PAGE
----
2. No one loves you like a parent does. They may express it awkwardly, but most parents love their sons and daughters unconditionally. Trust me when I say that I’d settle for some of my mom’s worst parenting rather than no parenting at all. On her worst days, and there were many, I still knew how much she cared.
3. You won’t remember as much as you think after they are gone. Memories fade, so get busy making as many memories as you can while you can. Be sure to record them in photos, journals, and videos. Interview your parents and document their stories. A significant piece of your family history dies when your last parent departs, and you can never get it back.
4. Spend quality time with your loved ones, and don’t sweat the small stuff. Be grateful for what you do have, not bitter for what you don’t. Don’t wish your life away with “destination-ism,” i.e. “I’ll be happy when I __________.” Find reasons to be happy today with your life now.
5. It’s scary not having a ‘safety net’ at any age. Even if you never had to use it, when the parental safety net is gone it feels a bit scary. Fortunately, I didn’t need to call on my mom for help very often, and when she helped, there were often strings attached. But ultimately I knew she would be there for me. After she died, I felt like I was in free-fall, with no one to catch me ever again.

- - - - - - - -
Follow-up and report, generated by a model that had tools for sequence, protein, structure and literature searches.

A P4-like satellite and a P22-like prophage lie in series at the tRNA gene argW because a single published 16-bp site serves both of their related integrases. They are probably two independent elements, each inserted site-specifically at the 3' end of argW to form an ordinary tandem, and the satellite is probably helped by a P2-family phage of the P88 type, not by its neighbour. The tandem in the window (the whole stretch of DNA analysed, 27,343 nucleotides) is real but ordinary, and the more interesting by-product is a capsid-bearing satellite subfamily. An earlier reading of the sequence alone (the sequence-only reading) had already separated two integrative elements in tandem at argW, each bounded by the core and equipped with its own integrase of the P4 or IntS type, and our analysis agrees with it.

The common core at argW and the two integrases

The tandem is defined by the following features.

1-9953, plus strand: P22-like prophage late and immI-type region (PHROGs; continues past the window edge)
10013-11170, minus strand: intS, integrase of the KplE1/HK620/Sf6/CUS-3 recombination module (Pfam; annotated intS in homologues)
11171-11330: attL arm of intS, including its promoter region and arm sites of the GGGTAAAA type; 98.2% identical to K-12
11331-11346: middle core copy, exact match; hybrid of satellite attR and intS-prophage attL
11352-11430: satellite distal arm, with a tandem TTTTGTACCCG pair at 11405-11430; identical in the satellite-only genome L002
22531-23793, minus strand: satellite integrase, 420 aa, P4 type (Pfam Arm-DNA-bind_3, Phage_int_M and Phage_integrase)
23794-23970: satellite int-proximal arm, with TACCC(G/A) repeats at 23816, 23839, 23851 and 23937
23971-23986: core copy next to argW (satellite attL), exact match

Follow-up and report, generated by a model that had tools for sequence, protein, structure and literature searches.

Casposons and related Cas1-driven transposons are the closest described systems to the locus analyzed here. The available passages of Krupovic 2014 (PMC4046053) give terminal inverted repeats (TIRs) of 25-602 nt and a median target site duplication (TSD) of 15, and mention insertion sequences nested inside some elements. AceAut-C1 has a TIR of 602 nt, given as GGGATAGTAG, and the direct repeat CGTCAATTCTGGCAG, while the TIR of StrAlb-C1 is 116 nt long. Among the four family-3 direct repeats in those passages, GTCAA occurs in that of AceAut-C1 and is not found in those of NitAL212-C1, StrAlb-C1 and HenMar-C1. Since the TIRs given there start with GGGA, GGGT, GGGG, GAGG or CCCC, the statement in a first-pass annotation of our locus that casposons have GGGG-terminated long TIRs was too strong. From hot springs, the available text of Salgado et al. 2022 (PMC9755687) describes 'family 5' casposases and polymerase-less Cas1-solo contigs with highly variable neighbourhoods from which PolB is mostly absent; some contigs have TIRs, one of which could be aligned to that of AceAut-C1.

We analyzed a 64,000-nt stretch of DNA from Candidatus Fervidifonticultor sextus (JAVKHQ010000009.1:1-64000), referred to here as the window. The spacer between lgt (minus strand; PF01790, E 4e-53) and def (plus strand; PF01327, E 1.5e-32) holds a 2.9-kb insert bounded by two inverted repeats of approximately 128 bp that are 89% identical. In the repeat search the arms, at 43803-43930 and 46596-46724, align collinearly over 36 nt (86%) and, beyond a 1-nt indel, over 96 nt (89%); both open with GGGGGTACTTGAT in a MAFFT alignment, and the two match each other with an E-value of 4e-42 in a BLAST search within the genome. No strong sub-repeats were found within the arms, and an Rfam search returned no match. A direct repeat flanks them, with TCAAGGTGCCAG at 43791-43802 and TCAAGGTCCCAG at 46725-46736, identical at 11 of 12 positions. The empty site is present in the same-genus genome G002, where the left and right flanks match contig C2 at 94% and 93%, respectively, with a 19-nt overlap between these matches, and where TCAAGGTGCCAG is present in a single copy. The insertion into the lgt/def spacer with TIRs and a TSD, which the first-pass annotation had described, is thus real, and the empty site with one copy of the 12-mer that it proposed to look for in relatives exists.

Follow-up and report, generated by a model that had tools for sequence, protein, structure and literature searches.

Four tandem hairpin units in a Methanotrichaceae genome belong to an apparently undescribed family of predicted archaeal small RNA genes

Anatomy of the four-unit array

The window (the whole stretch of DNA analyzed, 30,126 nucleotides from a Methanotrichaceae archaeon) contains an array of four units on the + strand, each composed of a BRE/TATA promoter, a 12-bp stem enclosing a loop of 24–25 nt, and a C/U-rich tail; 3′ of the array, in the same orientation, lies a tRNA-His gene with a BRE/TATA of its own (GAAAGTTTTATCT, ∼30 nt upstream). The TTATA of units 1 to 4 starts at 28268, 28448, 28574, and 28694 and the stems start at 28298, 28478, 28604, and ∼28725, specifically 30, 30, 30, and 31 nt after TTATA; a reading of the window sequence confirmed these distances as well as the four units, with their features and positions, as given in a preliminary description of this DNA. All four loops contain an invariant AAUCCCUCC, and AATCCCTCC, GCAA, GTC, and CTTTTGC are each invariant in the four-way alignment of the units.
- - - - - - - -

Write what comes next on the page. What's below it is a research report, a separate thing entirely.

6. You may feel some relief and freedom, and that’s okay. After I got over the intense sadness and grief of losing my mom, I started to feel something totally unexpected: relief, and freedom. I initially felt guilty about these feelings. According to Death Benefits, by Jeanne Safer, these feelings are normal and not unusual.
7. There’s freedom in being child-free, too. While I don’t have anything to compare my child-free lifestyle to, I can recognize that not having to raise children can have its benefits as well. This may not be what I would have chosen, but I haven’t had to deal with the emotional roller coaster of raising kids, or the financial squeeze so many of my friends go through.
8. Milestones, good or bad, are tough when you’re flying solo. Who do you call when you get a promotion, buy a house, or celebrate a big birthday? What about receiving bad news or winding up in the hospital? For me, this has been a tough year of relocation, divorce, health issues, and other personal challenges. On the one hand, I wish I had a mother or father who would listen and assist. Conversely, I see my assumptions about relationships. My own mother probably wouldn’t have done many of these things with me even if she were still alive.